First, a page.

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Hours before their breakfast date, a woman's boyfriend buries his bleary-eyed face in the bosom of an aspiring stripper. Weeks later, the girlfriend finds their "photo shoot" on Facebook and has a jealous meltdown.

Another woman trolls her boyfriend's Facebook page days after he jets off to Prague for "international politics studies." She spots a photo of him with an attractive Romanian girl, his hands resting on her hips, the cobblestone streets behind them. She reams him out over the phone: "This is the way it ends, not with a bang but a whimper," she says coolly, referencing T.S. Eliot.

Dating just hasn't been the same since Facebook arrived five years ago. The social-networking site has rapidly devolved into a surveillance tool, dissolving many a relationship status in the process.

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Canadian academics are now tallying the damage. For their paper, "More information than you ever wanted - does Facebook bring out the green-eyed monster of jealousy?" two University of Guelph psychology PhD students conducted a survey of 308 Facebook users and found the more time they spent on the site, the more suspicious they became of their partners. The women, who spent an average of 41 minutes on the site a day, grew more jealous than the men, who averaged 30 minutes.

"It became a feedback loop," says Amy Muise, co-author of the study, which looked at undergraduate students and will appear in an issue of the journal of CyberPsychology & Behaviour. (Canadian undergraduate students were picked because, according to Advertising Age, 90 per cent of the demographic reported using Facebook daily.)

"Seeing certain things on Facebook could enhance the jealousy that a person was experiencing, and that might lead to more surveillance and monitoring of their partner's Facebook page, which could then expose them to more jealousy-invoking information," Ms. Muise says.

Previous research on jealousy has described four triggers: Seeing a partner interact with an ex or someone you don't know; seeing someone show interest in your partner, and witnessing "ambiguous scenes."

"All of these things are happening on Facebook," co-author Emily Christofides says.

The researchers argue that the social-networking site provides a vast catalogue of potentially painful artifacts, the kind of stuff a partner might once have found in a dusty shoebox if they were determined.

On Facebook, users can easily become spectators to the days before they came along: They can gaze into their predecessors' lives, from flattering photos to frivolous interests and preferences - some of which can be disturbingly similar to their own.

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More problematic is the fact that the site gives people unprecedented access to the "off hours" of their significant others. On Facebook, this information is "available and encouraged," Ms. Christofides says.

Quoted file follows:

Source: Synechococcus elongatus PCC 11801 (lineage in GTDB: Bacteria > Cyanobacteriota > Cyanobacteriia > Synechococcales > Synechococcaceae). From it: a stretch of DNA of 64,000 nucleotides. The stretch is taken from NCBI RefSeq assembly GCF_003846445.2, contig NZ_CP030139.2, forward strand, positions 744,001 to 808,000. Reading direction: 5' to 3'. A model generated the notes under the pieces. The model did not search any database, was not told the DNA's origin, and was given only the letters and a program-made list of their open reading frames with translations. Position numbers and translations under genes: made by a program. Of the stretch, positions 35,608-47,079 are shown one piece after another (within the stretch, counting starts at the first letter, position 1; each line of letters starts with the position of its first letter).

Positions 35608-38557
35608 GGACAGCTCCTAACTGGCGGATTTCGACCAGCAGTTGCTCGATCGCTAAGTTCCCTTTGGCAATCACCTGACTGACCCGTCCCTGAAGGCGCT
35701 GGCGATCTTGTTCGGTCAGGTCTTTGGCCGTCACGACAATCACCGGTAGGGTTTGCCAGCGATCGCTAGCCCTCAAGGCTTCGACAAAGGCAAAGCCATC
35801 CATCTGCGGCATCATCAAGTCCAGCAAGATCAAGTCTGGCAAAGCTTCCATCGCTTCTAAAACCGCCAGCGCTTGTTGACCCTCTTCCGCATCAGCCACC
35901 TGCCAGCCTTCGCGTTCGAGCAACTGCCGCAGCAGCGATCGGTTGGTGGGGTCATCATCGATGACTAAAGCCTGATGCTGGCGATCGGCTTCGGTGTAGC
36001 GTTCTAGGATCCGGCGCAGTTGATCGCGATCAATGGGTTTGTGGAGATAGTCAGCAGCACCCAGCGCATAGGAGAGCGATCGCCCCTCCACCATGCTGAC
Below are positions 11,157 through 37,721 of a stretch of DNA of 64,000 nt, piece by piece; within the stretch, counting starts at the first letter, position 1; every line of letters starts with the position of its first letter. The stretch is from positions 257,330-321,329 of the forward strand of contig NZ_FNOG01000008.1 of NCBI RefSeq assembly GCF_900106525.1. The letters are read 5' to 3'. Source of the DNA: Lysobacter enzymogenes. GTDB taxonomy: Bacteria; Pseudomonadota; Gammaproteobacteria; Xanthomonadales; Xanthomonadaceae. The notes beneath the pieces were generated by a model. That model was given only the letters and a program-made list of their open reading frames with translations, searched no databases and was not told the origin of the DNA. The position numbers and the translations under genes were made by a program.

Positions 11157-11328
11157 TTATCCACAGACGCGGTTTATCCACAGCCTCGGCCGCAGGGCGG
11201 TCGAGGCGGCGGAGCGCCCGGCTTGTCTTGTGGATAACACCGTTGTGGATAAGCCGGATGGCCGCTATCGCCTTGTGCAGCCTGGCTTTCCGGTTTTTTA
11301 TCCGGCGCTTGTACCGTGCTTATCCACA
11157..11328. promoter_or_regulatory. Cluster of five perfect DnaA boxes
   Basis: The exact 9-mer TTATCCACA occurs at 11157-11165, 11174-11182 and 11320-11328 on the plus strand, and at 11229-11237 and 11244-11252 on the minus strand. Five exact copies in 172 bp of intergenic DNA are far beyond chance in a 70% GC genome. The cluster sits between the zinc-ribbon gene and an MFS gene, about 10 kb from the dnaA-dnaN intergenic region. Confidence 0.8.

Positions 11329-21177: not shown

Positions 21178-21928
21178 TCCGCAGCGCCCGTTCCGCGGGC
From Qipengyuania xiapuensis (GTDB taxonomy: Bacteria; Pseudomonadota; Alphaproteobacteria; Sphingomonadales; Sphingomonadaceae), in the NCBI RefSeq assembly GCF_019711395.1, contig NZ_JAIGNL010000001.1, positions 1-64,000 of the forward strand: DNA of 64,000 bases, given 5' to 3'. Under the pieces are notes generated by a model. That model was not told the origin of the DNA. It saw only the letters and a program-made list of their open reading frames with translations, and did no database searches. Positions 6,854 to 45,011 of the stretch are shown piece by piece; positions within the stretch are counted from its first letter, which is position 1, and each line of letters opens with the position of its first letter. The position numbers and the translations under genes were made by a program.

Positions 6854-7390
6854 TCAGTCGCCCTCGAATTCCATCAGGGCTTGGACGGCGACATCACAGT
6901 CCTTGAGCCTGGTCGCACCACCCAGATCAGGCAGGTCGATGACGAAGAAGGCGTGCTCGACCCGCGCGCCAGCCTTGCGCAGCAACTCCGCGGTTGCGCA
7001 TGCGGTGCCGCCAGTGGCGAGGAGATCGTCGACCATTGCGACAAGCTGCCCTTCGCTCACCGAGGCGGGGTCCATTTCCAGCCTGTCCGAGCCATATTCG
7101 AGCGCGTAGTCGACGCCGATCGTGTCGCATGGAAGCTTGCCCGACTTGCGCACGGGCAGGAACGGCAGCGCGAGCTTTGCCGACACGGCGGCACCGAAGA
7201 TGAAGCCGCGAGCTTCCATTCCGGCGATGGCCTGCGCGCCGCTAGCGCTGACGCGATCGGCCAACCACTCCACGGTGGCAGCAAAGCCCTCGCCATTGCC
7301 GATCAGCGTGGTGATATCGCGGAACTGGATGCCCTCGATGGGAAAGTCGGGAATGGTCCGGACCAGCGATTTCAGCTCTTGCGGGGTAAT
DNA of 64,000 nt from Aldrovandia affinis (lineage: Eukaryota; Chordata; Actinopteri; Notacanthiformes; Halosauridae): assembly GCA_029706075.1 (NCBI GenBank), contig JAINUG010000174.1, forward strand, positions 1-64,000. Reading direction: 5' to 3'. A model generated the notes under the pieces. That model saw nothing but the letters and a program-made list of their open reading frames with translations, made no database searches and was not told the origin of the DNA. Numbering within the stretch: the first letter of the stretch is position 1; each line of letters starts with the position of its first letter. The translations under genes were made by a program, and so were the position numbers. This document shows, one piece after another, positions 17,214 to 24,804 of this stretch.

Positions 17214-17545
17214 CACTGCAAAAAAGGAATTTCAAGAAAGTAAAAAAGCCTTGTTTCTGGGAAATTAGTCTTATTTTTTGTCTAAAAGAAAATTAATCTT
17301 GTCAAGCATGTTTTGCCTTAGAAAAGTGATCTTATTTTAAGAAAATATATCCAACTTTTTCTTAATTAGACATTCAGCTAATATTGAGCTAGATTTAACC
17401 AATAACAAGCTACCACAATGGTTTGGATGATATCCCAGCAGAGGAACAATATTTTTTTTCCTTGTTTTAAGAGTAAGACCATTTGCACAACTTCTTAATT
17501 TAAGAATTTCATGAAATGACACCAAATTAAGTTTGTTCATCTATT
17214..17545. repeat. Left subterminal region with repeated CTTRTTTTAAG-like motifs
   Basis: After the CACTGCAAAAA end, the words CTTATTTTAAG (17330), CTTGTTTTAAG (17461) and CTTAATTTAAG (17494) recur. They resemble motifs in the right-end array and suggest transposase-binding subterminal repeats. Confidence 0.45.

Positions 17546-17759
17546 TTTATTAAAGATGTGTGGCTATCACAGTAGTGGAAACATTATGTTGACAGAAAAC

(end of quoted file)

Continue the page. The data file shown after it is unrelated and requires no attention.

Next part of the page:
"You get a news feed telling you who posted on your partner's wall, who said what, what friends have been added," she said, pointing out that although most of the information is vague and lacking in meaningful context, it can be painful for some.

The risks are particularly high at the start of a courtship. The researchers write: "In young relationships, a glance at a rival or a small token of affection is sometimes enough to send those involved into a giddy high or momentary despair. In the past, flirty gestures of interest or signs of subtle disregard remained entirely within a person's own control, and partners in close relationships were most often not subjected to the daily scrutiny of their exchanges with members of their social circle."

Also not public was bantering with your ex. Surprisingly, nearly 75 per cent of respondents had added former flames as friends; close to 80 per cent reported that their partners had added their own exes.

"In the past, people in relationships had a certain degree of privacy about the nature of their relationships with other men and women. Now, your partner can question the nature of these relationships," said Serge Desmarais, a Guelph psychology professor who oversaw the research.

He adds that even those who refrain from spying on their partners are not immune: Well-meaning friends sometimes bombard them with "evidence."

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"Suddenly everyone is on the lookout," Prof. Desmarais says. "Friends end up providing you with information that 10, 15 years ago you would never have found out about. ... And suddenly you're exposed to everybody else's misattribution of what's going on in the pictures and comments."

The bottom line: Facebook "seems to make it difficult for people to trust, even when they feel confident in their partner," Ms. Christofides says.

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